Inventor Frederick de Moleyns of England is granted the first patent for an incandescent lamp.
German physicist Gustav Kirchhoff introduces his laws of electric circuits, which have since been named in his honor.
British chemist Michael Faraday observes that the plane of polarization of light traveling through glass is affected by magnetic lines of force, a clear indication that magnetism and light are related. The phenomenon produced experimentally by Faraday is referred to as the Faraday effect or Faraday rotation.
Physicist and mathematician Franz Neumann of Germany publishes his deductions of the mathematical laws for induction of electric currents.
German physicist Wilhelm Weber attempts to unify the analysis and experimental results of André-Marie Ampère, Michael Faraday and others in his development of an electromagnetic theory that involves forces between charged particles in motion. Though his theory is later discounted, Weber’s work would precede many other advances in the field of electromagnetic theory.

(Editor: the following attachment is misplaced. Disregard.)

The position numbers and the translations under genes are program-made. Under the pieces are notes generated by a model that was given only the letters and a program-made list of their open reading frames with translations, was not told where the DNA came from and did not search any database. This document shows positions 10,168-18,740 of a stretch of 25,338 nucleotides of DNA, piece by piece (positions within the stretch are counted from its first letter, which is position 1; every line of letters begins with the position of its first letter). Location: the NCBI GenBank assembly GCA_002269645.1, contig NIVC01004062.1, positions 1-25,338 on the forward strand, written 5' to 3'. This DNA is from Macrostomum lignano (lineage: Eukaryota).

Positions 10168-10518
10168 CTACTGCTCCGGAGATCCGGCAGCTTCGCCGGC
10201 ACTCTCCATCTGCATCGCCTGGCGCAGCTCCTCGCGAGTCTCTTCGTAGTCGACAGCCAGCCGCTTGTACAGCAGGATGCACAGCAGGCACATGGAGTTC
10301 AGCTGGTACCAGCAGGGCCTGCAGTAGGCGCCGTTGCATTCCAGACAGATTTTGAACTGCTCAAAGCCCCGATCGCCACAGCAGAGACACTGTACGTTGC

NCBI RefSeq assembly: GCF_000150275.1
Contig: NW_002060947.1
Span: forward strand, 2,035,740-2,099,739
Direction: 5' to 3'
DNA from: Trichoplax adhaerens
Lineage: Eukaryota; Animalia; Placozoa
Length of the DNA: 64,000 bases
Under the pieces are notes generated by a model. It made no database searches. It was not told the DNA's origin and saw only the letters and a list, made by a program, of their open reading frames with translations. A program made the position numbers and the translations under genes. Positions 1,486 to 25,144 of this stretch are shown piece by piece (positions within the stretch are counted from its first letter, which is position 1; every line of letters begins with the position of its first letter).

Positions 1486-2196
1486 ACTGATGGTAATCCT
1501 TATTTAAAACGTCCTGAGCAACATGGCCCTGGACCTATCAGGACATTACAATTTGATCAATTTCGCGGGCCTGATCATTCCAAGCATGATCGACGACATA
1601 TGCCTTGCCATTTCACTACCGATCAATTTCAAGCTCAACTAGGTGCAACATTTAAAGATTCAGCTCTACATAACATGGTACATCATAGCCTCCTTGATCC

Wilhelm Weber puts forward the idea that diamagnetism is simply an example of Faraday’s law impinging upon molecular circuits and suggests that diamagnetism exists in paramagnetic and ferromagnetic substances, but is masked due to the comparative strength of the permanent molecular currents the possess.
Hermann von Helmholtz, a German physicist and physician, reads his paper On the Conservation of Force to the Physical Society of Berlin, providing one of the earliest and clearest accounts of the principle of the conservation of energy that governs electrostatic, magnetic, chemical and all other forms of energy.